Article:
How To Develop An Effective Resume Career Profile: The Basics

By Jeff Tomlin

In today’s competitive job market, it’s important to stand out from the crowd and including a well-written career profile can help you do just that. Your career profile should appear immediately after the objective. This section highlights the most important information included on your resume – work experience and achievements, educational background, and other items that may be relevant to the position. A career profile is only a few lines long but a well-written one can encourage hiring managers to keep reading so they can find out more.

Let’s look at a sample career profile:

Chartered accountant with 15 years experience as a chief financial officer for Fortune 500 companies.

Chief financial officer with a solid history of financial record keeping, risk management, accurate economic forecasting, and reducing debt by an average of 15%. Increased shareholder investments by an average of 20% by presenting a long-term financial analysis which increased existing shareholder investments by 15% and attracted 200 new investors.


This resume career profile is effective for several reasons. Regardless of what type of position you are applying for, follow the tips below (which have also been observed by the person who wrote this profile) to ensure your profile is as effective as possible.

Remember your purpose: When you’re writing your resume career profile, always keep in mind that its purpose is to explain your value as an employee and outline what you can offer your prospective employer. To achieve this, you should highlight specific achievements that benefited the people you worked for.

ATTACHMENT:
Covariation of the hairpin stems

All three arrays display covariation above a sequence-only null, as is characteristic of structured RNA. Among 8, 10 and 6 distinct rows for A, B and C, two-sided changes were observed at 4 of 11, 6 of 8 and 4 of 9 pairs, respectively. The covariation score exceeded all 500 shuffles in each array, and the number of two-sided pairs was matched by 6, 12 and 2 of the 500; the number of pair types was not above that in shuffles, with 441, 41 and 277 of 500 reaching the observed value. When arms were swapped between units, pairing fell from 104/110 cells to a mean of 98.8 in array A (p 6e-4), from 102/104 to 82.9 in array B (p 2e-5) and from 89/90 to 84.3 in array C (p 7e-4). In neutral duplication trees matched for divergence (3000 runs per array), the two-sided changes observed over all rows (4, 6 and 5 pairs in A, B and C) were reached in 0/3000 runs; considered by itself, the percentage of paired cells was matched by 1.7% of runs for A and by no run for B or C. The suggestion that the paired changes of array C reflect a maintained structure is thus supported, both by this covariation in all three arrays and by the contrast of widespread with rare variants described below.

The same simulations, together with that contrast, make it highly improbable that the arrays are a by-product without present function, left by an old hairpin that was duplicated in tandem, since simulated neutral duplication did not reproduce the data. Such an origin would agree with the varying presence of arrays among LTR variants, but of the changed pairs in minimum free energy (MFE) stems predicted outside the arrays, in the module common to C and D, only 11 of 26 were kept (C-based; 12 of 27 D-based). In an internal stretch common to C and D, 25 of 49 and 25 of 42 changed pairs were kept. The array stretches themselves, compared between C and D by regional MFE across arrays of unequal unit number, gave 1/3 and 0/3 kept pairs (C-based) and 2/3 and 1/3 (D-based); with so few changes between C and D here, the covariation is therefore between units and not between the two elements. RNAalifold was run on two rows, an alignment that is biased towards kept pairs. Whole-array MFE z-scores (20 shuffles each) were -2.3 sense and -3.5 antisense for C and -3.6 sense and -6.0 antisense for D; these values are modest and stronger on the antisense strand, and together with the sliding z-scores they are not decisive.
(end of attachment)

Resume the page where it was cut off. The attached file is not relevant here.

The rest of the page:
Keep it concise: Your profile is just a brief advertisement of your skills and should be limited it to a few lines. Remember, hiring managers can always read the rest of your resume for more details.

Use action statements and be specific: Rely on strong action statements when you are describing how you have benefited companies and give exact financial figures when possible. ‘Boosted company profits by 3%, or $200,000, during the first quarter’ is much better than ‘company profits were increased.’

Perfect grammar is not required: Most times, it’s imperative to use proper grammar and complete sentences but you can bend the rules a little when you are preparing a resume career profile. Feel free to use phrases instead. Some effective ones include ‘boosted sales by $-.–/year (or -%/year),’ ‘reduced refunds by $-.–/year (or -%/year) through improved customer satisfaction,’ or ‘reduced employee absenteeism by -%/year, saving the company $-.–/year by introducing and enforcing new policies.’

Don’t be vague: A resume career profile should always be specific. After you’re finished writing, read it over to make sure there are no general statements that might make it appear as though you are padding your resume. For example, don’t say you are an effective leader and a good communicator unless you have something concrete to back those statements up. If you increased profits, be sure to include numbers and proof. Hiring managers can instantly spot the difference between catch phrases and real achievements that led to real results.

About the Author: Jeff Tomlin has been an expert in producing

sample resumes


cover letters

that actually work for many years. Jeff Tomlin and his website have personally helped over 285,000 job seekers. Jeff has completed a library of resume template and sample cover letters to help those looking to make a career switch. To find out how Jeff can help you please visit and find out today.


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